For those who know Mike Wells, an image of the soft-spoken, red-headed teddy bear of a guy comes immediately to mind. Mike completed residency in Internal Medicine in 2008. Since that time, he has been Chief Resident of Internal Medicine, a Pulmonary Fellow, and is now an Assistant Professor in Pulmonary Medicine. Shortly after starting his faculty position, the life of Mike and research mentor Mark Dransfield changed drastically with the acceptance a manuscript by The New England Journal of Medicine. In the September 3, 2012 issue of NEJM, Drs. Wells and Dransfield report a groundbreaking observation. In patients with COPD the strongest predictor of exacerbation and hospitalization in two multicenter cohorts was a pulmonary artery larger than the ascending aorta on CT scan (having a PA:A ratio >1). Since the publication of this article, they have been invited to speak at numerous institutions locally and internationally.
What gave you the idea to do this research?
There had been an article published a few years ago— if you had a COPD exacerbation before, you were at risk for future events. I was trying to come up with a better model for who these people are. I think that’s where the idea came from.
In fact, we initially looked at all other comorbidities and determined what role they played in exacerbations. At the time that the NIH-sponsored COPDGene study was getting started, there were several reports describing different CT findings in the thorax in various patient populations, and one of these was this P-A measurement. Pulmonary vascular disease and pulmonary hypertension continued to recur as factors independently associated with decreased time to exacerbation, hospitalization and increased risk of mortality in the setting of acute exacerbations. With the COPDGene study enrolling over 10,000 subjects with baseline CT scans, we knew that this cohort would be the ideal setting in which to investigate the hypothesis that a non-invasive marker for pulmonary vascular disease would be associated with exacerbation related outcomes.
Were you surprised about the findings?
Yes, we were pleasantly surprised at how much better the PA:A ratio performed than other variables.
The fact that it came out to be the strongest predictor for hospitalization was surprising. It was also reassuring to see how well the two clinical cohorts (the COPDGene and ECLIPSE study groups) matched.
Who were the people that influenced you the most as a resident?
Dr. Dismukes probably influenced me more than anyone during residency but I had many great attendings. One of the best months I remember was with Nass Cannon at Cooper Green. He provided just the right mix of autonomy and supervision and his approach really helped me develop as a physician. I also learned a lot from my fellow residents – they were a great group.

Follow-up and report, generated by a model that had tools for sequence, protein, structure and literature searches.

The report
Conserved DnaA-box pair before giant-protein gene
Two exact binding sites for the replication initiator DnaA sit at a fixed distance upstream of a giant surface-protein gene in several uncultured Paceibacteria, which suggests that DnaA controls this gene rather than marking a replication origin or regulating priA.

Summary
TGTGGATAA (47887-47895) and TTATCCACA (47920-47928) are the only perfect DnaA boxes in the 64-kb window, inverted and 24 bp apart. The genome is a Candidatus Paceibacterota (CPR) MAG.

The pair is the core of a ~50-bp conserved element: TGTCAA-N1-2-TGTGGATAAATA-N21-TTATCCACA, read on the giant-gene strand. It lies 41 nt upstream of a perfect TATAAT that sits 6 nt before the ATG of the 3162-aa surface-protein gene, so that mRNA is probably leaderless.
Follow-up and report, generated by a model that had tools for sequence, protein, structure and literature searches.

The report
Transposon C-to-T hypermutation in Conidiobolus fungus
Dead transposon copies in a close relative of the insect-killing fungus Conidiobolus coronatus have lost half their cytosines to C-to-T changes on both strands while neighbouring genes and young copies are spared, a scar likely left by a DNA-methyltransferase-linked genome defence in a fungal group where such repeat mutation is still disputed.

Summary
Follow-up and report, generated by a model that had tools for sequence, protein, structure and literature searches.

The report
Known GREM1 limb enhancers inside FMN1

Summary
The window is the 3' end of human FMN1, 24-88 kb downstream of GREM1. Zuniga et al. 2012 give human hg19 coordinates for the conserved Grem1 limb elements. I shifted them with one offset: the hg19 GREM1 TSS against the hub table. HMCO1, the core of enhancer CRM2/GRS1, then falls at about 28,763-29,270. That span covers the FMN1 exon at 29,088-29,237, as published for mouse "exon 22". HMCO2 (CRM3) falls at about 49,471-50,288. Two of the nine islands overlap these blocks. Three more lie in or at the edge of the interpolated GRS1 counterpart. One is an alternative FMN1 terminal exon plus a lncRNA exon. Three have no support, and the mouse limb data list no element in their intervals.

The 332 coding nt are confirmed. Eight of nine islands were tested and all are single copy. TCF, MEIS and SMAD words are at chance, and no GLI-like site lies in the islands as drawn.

In residency, I was heavily influenced by Dr. Heudebert, Lisa (Willett), Dr. Stamm, James Davis—they all really pushed me to excel as a clinician. During my time as a chief resident, my fellow CMRs further influenced me to pursue a career in academic medicine. In fellowship, Drs. Mark Dransfield and Ed Blalock have both been outstanding mentors.
What was one story about residency that you remember and don’t mind sharing with the rest of us?
I remember a lot of stories but most of them are inappropriate.
Let’s see, my class was the first class that could not spend the night at Camp Dismukes. We were not responsible for this, but were the victims. Also, I remember that Vera Bittner awarded me something like “Most-Disgusting Post-Call Resident.” It wasn’t “Smelly” but that was the implication.
A group of residents went to Las Vegas for a weekend—including myself, George Smallfield, Nipun Reddy, Abeezar Shipchandler, Tom Lewis, Chad Burski, Brent McQuaid, Shaun Donnegan, Ryan Bozof, and several others. Thirty minutes into the flight, the flight attendant rang the emergency call button asking for physician help with an in-flight emergency. Several people responded. After a few minutes of watching the first responder getting more frantic, George Smallfield and I went to investigate. One of the passengers had a stroke, and the first physician to respond told us “Thank God you are here, I’m a psychiatrist!” The pilot ultimately had to land the plane, delaying our trip to Vegas by a few hours. Fortunately, we were rewarded with free drinks for the remainder of the flight!
I developed a strong bond of friendship with many in my intern class. In fact, we still make attempts to meet on a regular basis. Each year, we try to organize a beach trip for everyone interested. This year, Jody Hughes, Bryan Wells, and I were able to reunite – last year, Ryan Bozof, Shaun Donnegan, and their families were able to attend. This summer, I met up with Brent McQuaid in Florida for Tom Lewis’ wedding.
Tell us a bit about your family
My wife Whitney and I have been married for seven years. We got married in November of my intern year. We have a 2-year old son named J.P. and a 9-month old daughter named Charlotte.
I have two sons. One is 13 almost 14 and the other one is 10.